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Population Health in Crisis: The Mission

Almost everything non-trivial that happens in the business world, and in many other walks of life, is the result of a project. Projects have a well-defined beginning, middle and end. They always require a project plan. The plan not only defines the stages of the project but also drives its execution. Show More Summary

Why “Obama’s Katrina” Never Sticks But Won’t Die

As a genre of political spin and analysis, “Obama’s Katrina” has been with us since the beginning of the president’s administration. Anytime something tragic and abrupt happens in the country is an occasion for Republicans and media figures to compare it to President George W. Show More Summary

The Stolen War

Fires burn in Baghdad during the 2003 invasion. Iraq remains in disarray, hampered by inept and criminal leaders. A few years ago, when Iraqi prime minister Nuri Al Maliki was still in office, a group of his closest aides traveled to Amman, Jordan, and rented suites in one of the city’s most luxurious hotels. Show More Summary

7th Specialty Product Distribution and Channel Optimization Summit

7th Specialty Product Distribution and Channel Optimization SummitOctober 26-27, 2016 | Princeton, NJThis October, navigate evolving trends, models and strategies to propel commercial success and ensure patient access at the 7th Specialty Product Distribution and Channel Optimization Summit. Show More Summary

Nintendo Wii Board to Help Balance Exoskeleton Users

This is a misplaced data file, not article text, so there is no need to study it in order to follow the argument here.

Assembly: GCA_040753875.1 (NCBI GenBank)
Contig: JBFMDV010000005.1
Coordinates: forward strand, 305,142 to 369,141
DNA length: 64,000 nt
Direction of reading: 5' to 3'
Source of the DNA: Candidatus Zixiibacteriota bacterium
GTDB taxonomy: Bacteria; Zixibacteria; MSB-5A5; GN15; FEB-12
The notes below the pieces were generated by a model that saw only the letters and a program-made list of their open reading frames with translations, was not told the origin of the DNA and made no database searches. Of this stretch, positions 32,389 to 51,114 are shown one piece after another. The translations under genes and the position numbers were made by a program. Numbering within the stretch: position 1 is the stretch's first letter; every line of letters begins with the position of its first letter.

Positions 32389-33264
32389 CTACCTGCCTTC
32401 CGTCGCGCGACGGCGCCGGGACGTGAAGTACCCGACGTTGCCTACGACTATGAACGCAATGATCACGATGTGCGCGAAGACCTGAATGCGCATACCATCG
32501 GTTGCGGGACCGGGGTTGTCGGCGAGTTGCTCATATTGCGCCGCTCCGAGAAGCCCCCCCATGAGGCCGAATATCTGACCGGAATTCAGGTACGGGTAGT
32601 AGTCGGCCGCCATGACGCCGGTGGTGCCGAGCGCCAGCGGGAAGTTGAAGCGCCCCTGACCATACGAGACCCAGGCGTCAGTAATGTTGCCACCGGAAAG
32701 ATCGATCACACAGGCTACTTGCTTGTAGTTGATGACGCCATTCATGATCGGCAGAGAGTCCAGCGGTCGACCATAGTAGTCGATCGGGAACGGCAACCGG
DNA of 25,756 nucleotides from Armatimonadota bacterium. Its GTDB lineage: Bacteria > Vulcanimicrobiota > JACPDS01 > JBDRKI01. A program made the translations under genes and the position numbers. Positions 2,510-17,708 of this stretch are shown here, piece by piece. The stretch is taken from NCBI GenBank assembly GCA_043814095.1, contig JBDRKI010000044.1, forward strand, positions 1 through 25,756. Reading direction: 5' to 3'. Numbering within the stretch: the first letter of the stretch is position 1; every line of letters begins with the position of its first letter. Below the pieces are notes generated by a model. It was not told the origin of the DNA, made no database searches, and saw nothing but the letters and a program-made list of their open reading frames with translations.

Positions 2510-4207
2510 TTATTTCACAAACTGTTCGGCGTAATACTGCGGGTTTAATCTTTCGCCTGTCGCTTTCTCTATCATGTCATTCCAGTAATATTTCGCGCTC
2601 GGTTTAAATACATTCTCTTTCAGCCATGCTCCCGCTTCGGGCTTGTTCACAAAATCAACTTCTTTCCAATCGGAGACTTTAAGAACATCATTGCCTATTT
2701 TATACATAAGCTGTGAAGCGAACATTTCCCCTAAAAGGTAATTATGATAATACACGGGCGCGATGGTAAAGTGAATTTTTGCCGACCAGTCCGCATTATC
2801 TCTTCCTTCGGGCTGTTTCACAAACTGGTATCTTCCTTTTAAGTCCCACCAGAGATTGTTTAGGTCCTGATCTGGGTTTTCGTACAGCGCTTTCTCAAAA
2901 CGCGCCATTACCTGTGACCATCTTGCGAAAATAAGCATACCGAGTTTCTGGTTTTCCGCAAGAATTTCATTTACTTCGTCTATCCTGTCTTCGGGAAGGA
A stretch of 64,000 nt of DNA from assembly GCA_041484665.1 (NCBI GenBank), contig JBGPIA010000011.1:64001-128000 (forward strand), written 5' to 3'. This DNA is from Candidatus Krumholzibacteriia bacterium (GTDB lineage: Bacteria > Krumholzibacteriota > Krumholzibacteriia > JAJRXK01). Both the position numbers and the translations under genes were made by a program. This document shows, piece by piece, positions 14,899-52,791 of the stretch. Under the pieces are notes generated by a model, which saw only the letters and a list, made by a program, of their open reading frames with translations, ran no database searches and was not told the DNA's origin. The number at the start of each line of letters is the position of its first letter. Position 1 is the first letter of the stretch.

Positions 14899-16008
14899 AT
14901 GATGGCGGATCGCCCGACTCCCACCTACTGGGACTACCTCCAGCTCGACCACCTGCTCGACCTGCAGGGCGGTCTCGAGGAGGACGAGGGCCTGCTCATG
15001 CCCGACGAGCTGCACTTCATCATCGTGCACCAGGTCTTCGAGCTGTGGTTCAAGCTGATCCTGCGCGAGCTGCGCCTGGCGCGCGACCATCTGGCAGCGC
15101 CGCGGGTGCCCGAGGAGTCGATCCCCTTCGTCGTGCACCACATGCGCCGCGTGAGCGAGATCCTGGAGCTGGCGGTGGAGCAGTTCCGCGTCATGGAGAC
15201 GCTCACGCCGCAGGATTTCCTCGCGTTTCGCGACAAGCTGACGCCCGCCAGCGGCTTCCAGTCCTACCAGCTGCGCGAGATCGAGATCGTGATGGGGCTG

Exoskeleton technology is a promising one for paralyzed people to get up on their feet and start walking. Though they may look like autonomous robotic devices, the exoskeletons are controlled by the user and still require balance skills to not fall over. Show More Summary

The 6 degrees of patient-physician separation

The federal government has been trying to control the health of citizens for nearly a century, increasingly separating patients and their physicians. WWII wage controls firmly established health insurance as an employee “benefit” in lieu of salary.  This gave the employer power to choose coverage based on its needs, not the employee’s: the first degree […]

Weekly Australian Health IT Links – 22nd August, 2016.

Here are a few I have come across the last week or so.Note: Each link is followed by a title and a few paragraphs. For the full article click on the link above title of the article. Note also that full access to some links may require...Show More Summary

Hypoxic hepatitis

p { margin-bottom: 0.08in; }a:link { } An article on this topic recently appeared in The American Journal of Emergency Medicine. The paper focused on the post cardiac arrest situation but it is seen in other types of circulatory collapse. This entity has also been called ischemic hepatitis and shock liver. From the introduction of he paper: Hypoxic hepatitis (HH) is

Autoimmune hemolytic anemia

p { margin-bottom: 0.1in; line-height: 120%; }a:link { } Linked here are two great review articles. This one addresses such questions as “What are the differences between warm and cold antibody hemolytic anemias?” “What is the difference between primary and secondary AIHA and what are some of the secondary causes?” “How can the ratio of conjugated to total bilirubin help

EHRs and the Importance of Third-Party Patching

Editor’s Note: Ashley Leonard is the president and CEO of Verismic Software, a global industry leader providing cloud-based IT management technology. He is a technology entrepreneur with 25 years of experience in enterprise software, sales, and operational leadership. Show More Summary